Let’s explore each type of content goal.
Going wide with your content
When you create a piece of wide content, you attempt to reach the most readers, listeners, and customers as possible. In short, going wide is how to use content to find customers.
Wide content is not about immediate results. Instead, it positions your net to continually find new people who fill the top of your funnel.
You will notice a pattern with wide content: it’s perfect for repurposing. With a little planning and forethought, you will be able to repurpose wide content into different formats to reach a broader audience.
SEO helps you go wide
The foundation of all wide content is built upon SEO, and Google is a top source of new traffic and visitors to websites.
Because of this, we need
Do you need to spend a lot of money to create exceptional content?
In a word, no.
The barriers to entry for publishing on the Internet are extremely low. That’s why we see so much mediocre content everywhere we look.
But you’re here reading Copyblogger. That tells me that “mediocre content” is a phrase that’s not part of your vocabulary. You’re aiming to create content that’s remarkable. Content that attracts an audience and builds your business.
Today we’re going to cover how to produce winning content on a budget. A really small budget.
The fact is, you don’t need to outspend the competition.
You need to outthink them.
1. Gather ideas from all over
The first tip involves a mindset shift.
It’s about seeing the world around you — both your business world and your personal life — as a source for ideas. Because when you’re creating content on a regular basis, the world can inspire your writing if you let it.
Some of the most interesting content forms when you take a seemingly unrelated aspect of your life and apply it to your content marketing.
To explore this concept, read The Content Crossroads: Supernatural Success at the Intersection of Ideas.
Once you shift your mindset to one of always-on idea gathering, you’ll need a place to capture and save your ideas.
Look for something you’ll always have on hand, whether it’s a small notebook you carry around or an app on your computer or mobile phone. Make sure it’s easy and fast to use, and
Here at Rainmaker Digital, we’re riding an iterative loop. It’s how we do business.
We listen, we create, we offer, we improve, and the cycle goes on.
Approaching your content strategy as an iterative loop will help you create useful, in-demand information that serves your customers and builds your business.
Out in the business world, this approach is called design thinking. And design thinking is in the news right now. Harvard Business Review ran a cover story on it this past September. The New York Times featured it earlier this month.
Here at Copyblogger, we’ve been talking about design thinking since 2010.
Design thinking isn’t difficult — it’s just different. It requires a mindset shift that will change the way you create products, content, and customer experiences.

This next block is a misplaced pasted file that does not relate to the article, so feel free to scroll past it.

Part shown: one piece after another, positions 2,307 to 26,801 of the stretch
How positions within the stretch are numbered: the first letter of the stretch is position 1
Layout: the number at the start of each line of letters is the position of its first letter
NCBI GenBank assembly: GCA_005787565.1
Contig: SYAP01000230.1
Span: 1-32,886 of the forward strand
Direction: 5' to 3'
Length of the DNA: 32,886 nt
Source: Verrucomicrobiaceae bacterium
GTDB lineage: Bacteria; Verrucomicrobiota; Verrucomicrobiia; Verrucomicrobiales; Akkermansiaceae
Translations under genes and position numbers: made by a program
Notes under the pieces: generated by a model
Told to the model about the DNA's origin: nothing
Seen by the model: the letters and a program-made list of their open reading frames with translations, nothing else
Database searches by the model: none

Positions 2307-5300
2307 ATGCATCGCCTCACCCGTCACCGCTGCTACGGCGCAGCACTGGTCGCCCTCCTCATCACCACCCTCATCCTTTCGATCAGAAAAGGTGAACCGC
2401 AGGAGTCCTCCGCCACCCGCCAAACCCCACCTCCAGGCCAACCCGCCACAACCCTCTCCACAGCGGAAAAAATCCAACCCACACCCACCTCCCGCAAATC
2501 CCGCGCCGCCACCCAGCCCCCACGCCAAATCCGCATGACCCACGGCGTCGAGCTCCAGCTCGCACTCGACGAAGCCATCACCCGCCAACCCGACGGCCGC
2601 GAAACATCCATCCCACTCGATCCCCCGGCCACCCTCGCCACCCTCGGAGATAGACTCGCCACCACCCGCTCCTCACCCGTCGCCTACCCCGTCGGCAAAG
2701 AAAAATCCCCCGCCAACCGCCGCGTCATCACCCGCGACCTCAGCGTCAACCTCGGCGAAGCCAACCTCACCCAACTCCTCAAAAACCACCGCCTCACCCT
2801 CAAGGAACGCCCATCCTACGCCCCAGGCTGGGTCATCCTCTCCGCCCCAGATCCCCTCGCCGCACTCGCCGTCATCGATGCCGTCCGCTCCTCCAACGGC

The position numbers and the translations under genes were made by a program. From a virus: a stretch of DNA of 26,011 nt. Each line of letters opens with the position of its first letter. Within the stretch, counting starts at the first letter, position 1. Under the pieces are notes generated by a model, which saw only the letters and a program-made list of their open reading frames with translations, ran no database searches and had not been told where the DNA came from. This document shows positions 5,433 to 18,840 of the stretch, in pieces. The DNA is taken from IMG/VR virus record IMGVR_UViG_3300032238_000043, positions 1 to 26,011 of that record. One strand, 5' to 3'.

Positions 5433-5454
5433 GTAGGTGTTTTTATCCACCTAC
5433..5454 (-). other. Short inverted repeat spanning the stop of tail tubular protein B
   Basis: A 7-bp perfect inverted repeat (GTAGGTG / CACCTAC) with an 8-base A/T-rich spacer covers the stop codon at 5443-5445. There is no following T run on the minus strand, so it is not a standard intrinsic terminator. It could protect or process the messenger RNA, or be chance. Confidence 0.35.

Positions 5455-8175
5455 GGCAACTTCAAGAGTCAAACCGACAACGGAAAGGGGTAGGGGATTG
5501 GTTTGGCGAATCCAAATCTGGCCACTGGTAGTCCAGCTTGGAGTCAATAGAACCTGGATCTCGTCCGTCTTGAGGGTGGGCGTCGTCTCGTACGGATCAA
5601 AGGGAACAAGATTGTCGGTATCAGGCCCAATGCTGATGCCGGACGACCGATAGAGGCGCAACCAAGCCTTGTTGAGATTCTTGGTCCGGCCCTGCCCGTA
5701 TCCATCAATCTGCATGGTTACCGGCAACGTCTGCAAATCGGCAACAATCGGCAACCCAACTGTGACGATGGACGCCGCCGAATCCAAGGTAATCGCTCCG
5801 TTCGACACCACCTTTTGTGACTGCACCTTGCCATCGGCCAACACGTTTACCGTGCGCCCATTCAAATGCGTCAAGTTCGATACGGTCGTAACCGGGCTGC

What is design thinking?
It might be easiest to answer this question by comparing design and design thinking.
Design is about making objects functional and pleasing to the eye. Traditionally, design has been a discipline that was practiced by the small percentage of people who’d studied it or those whose aesthetic sense made them especially qualified.
Design thinking is about developing products and services using a methodology that puts the customer’s needs and experience at the forefront. It’s a different way to approach the development process.
Design thinking is driven primarily by audience needs, and the fruit it bears is based on the challenges and problems they face. It’s about looking at how real people interact with your products and services, and adapting them so
If you’re a fan of one or more of our shows (or products), you can now follow the hosts, writers, and developers of Rainmaker Digital as they travel further out onto the Internet to be interviewed by other smart people.
Tune in as Brian Clark sits down with Zac Johnson to chat about creating powerful content that resonates with an audience.
In this 39-minute episode, Brian Clark and Zac Johnson discuss:
Brian’s total lack of interest in working 9-5
Using online marketing to build offline business
The creation of Copyblogger and how it grew over time
Solving problems and creating businesses along the way
The story of StudioPress and selling premium WordPress themes
Building the Rainmaker Platform and a podcast network
Recognizing opportunities and changing with the times
Click Here to Listen toRainmaker.FM Elsewhere on iTunes
Click Here to Listen on Rainmaker.FM
About the authorRainmaker.FMRainmaker.FM is the premier digital marketing and sales podcast network. Get on-demand digital business and marketing advice from experts, whenever and wherever you want it.